Dr Katie Smith
Sensory hair cells in the inner ear transform sound energy into electrical signals which are faithfully carried by the auditory nerve to the brain. These electrical signals represent the timing cues of sound and are essential for hearing. The precise transmission of electrical signals along the auditory nerve is achieved through complex interactions between individual auditory nerve fibres and their supporting cells, glia.
My research aims to understand how complex neuro-glial interactions are established during development of the auditory nerve and how they are maintained over the life course. I am also interested in whether changes in neuro-glial interactions are associated with ageing and may contribute to age-related hearing loss. To help understand the complex organisation of the auditory nerve, I am developing a new auditory neuro-glial model system in which critical neuro-glial interactions can be recapitulated in a dish.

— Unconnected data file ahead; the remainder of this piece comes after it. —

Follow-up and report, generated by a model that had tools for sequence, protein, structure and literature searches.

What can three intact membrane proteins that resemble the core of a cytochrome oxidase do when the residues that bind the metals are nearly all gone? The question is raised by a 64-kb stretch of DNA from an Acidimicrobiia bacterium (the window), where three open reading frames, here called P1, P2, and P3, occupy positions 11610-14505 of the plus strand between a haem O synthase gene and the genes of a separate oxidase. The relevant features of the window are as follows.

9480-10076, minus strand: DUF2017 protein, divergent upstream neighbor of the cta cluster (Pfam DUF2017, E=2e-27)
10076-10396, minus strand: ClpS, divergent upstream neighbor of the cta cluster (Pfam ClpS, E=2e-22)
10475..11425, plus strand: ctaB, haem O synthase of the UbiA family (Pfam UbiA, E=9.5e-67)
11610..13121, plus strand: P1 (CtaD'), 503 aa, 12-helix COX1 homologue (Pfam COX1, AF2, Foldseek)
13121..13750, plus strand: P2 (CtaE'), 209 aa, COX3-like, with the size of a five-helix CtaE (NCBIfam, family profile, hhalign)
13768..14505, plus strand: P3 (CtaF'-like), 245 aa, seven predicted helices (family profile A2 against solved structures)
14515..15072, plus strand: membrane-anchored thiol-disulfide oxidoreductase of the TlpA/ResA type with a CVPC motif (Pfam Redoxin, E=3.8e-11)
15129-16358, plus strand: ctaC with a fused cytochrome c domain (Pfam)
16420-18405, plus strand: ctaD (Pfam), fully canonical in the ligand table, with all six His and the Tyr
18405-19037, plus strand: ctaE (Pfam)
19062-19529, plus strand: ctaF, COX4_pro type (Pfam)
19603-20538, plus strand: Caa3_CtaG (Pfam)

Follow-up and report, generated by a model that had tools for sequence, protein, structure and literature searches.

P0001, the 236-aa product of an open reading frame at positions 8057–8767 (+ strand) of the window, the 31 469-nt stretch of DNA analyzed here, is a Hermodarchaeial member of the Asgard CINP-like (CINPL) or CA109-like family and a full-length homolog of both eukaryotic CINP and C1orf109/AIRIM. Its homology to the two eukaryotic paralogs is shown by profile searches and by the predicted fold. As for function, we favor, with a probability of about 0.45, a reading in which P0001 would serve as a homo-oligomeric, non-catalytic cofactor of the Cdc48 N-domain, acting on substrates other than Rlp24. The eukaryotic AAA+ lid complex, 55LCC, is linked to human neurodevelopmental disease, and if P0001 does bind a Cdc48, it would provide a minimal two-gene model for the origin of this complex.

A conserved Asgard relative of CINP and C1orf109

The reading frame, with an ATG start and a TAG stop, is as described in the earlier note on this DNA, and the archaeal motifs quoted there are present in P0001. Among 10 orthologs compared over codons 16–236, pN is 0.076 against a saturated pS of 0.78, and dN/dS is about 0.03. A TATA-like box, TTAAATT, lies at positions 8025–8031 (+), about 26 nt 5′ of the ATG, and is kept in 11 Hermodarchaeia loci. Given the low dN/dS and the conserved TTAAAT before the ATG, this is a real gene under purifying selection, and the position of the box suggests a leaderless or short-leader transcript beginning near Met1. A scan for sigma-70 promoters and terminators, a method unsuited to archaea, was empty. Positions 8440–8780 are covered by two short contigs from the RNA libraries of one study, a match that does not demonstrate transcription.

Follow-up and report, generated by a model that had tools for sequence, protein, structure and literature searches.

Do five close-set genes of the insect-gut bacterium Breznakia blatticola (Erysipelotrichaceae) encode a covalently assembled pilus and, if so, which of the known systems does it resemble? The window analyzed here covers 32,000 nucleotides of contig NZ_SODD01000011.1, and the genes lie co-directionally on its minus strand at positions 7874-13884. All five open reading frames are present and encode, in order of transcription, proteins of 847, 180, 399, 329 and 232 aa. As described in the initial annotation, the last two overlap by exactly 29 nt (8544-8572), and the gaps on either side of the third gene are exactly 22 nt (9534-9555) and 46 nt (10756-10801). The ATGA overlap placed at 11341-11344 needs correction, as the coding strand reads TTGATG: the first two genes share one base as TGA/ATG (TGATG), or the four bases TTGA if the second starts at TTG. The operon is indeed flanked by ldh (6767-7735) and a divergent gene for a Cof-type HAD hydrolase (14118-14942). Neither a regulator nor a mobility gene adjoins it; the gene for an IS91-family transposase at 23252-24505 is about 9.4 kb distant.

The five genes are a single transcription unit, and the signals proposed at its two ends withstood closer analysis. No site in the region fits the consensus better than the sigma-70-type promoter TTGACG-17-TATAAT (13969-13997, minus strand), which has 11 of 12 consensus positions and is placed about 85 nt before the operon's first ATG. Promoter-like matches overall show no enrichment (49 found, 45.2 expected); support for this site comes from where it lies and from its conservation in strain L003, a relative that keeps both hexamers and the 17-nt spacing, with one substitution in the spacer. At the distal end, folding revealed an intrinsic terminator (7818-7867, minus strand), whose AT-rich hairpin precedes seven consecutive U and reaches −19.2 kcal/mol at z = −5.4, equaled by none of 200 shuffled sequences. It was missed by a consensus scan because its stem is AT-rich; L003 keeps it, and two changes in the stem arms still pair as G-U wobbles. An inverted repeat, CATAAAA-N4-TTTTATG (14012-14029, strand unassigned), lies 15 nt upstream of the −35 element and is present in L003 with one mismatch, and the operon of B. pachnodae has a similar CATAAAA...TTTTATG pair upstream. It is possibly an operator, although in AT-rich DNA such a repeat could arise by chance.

Jointly funded by the RNID and the Dunhill Medical Trust